A correction in valuations could come from higher interest rates or increased concern about the risk of a recession. As we have mentioned in previous notes, we think the increase in long term interest rates (cash rates will continue to increase) has largely run its course. Ongoing multiple compression driven by fears of recession is certainly possible, but the fall that has already taken place is pretty extreme. The trailing PE ratio for US equities has fallen around 40%, the same magnitude as in the Tech Bubble and Financial Crisis. The only larger fall was in the 1970s correction of 62%. Given inflation has been key in both episodes, our expectation going forward is not for a decade of extremely high inflation, so this comparison is perhaps not the most valid comparator. In absolute terms, the trailing PE ratio remains elevated compared to the immediate post Financial Crisis period but is not that much higher than during the depths of Covid and is lower than the entirety of the Tech Bubble. As an aside, major markets outside the USA are also pretty cheap.
Dilution is common in periods of economic and financial market stress, particularly when companies cannot access debt funding markets, or the cost of that debt is prohibitively high. In the short term at least, this does not seem particularly likely. Earnings remain healthy and wholesale equity issuance is more of a last resort tool for corporates.
That leaves earnings. Earnings growth is largely a function of economic growth and profit margins. Profit margins for US listed corporates are incredibly high at the moment, causing some concern that a normalisation could see earnings fall sharply. However, our analysis suggests that the general increase in margins over the past 50 years reflects falling corporate tax rates (see right hand chart below). Partly offsetting this has been the share of productivity growth which has flown to workers rather than corporations between 1970 and 1980 – though this has stayed largely flat since then, supporting profit margins. Other variables such as economic growth, the unemployment rate and inflation are more cyclical. Given this, we would expect if economic growth were to slow into a recession, margins would fall, reducing profits.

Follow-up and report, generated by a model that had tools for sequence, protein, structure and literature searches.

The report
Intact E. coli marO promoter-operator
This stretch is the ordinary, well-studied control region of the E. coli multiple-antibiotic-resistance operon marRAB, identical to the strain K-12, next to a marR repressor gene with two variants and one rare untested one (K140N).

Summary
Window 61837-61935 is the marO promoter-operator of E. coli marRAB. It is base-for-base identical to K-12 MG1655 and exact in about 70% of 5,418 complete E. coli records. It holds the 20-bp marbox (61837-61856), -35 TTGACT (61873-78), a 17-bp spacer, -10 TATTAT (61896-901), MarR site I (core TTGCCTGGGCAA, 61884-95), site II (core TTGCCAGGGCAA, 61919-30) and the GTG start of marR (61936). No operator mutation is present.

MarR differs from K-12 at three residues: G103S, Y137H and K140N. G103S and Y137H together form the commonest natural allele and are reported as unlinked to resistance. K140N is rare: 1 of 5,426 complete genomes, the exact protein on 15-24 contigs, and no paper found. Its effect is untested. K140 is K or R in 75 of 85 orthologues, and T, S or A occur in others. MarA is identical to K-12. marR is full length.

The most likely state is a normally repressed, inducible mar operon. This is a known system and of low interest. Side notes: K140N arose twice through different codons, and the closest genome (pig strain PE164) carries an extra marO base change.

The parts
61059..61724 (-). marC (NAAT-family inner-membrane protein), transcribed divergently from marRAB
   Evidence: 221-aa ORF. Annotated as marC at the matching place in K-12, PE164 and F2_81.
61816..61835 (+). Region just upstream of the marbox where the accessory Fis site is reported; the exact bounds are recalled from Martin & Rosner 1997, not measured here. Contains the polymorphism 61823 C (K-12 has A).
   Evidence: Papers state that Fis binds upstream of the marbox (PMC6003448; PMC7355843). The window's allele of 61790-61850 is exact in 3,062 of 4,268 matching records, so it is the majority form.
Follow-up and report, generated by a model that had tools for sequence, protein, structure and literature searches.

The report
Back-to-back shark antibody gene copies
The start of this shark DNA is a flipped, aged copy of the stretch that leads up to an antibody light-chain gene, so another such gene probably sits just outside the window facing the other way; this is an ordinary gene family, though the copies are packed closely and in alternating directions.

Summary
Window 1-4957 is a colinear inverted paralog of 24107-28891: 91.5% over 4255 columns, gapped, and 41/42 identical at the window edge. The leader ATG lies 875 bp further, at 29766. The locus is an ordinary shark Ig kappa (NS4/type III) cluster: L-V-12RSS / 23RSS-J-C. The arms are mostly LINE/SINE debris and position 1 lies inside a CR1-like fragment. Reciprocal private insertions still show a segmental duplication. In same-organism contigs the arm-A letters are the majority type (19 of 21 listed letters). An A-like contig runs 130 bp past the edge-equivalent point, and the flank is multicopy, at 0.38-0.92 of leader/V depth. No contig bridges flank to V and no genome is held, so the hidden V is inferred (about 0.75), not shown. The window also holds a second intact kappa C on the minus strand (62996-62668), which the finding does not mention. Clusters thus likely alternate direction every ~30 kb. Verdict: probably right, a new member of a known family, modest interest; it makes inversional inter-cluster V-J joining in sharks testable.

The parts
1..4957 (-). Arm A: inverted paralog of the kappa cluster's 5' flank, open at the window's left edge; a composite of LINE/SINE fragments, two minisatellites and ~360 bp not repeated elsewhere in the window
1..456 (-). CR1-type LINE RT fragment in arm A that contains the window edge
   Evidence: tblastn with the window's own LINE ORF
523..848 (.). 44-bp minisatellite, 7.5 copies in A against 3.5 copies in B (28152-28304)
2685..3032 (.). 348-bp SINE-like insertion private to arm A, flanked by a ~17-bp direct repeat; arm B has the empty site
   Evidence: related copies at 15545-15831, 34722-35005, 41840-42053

Source: Refinitiv DataStream, Drummond Capital Partners. Red = negative coefficient in RHS chart
Another way to assess the outlook for earnings growth is using our capital market framework. Below, we show the output of our earnings growth models for the End of Cycle Scenario. In this scenario, we model a relatively small fall in earnings across major markets. This reflects as assumption of an only minor recession, similar in magnitude to the 1990s. At a high level, this scenario assumes an only minor economic contraction because corporate and household balance sheets in the US are very healthy (household debt to GDP in the US is around 2003 levels and corporate debt to GDP is around the post 1990s average), and there are no obvious excesses or imbalances in the financial system (outside of crypto, which is irrelevant from a system wide perspective). We also assume in this scenario that interest rate increases broadly consistent with current market pricing and the small recession are sufficient to get inflation back under control.
Source: Refinitiv DataStream, Drummond Capital Partners
Over the medium term, earnings will be key to the next leg of equity market drawdown. While not a guaranteed outcome, a recession in the next year is more probable than not in our estimation. A forecast for slowing growth is also supported by our growth barometers, all of which are now in negative territory (see below for the US).
This recession would deliver the contraction in earnings required to bring the current bear market into the territory of the average market drawdown, around 35%, or 10% to 15% lower than now.
Source: Refinitiv DataStream, Drummond Capital Partners
In line with this outlook, our portfolios are currently underweight growth assets, very underweight global equities, and long government bonds. The risk to this positioning would be a significant bear market rally, which is certainly possible given the profile of market drawdowns shown in the first chart in this Market Update. Markets tend to not go down in a straight line. Otherwise, if global central banks manage to get inflation under control while avoiding a recession in the second half of this year, the current starting point for market valuations, combined with a policy easing, would present an attractive entry point for equity market investors. Any relaxation in central bank policy would likely be a catalyst for a material market rally.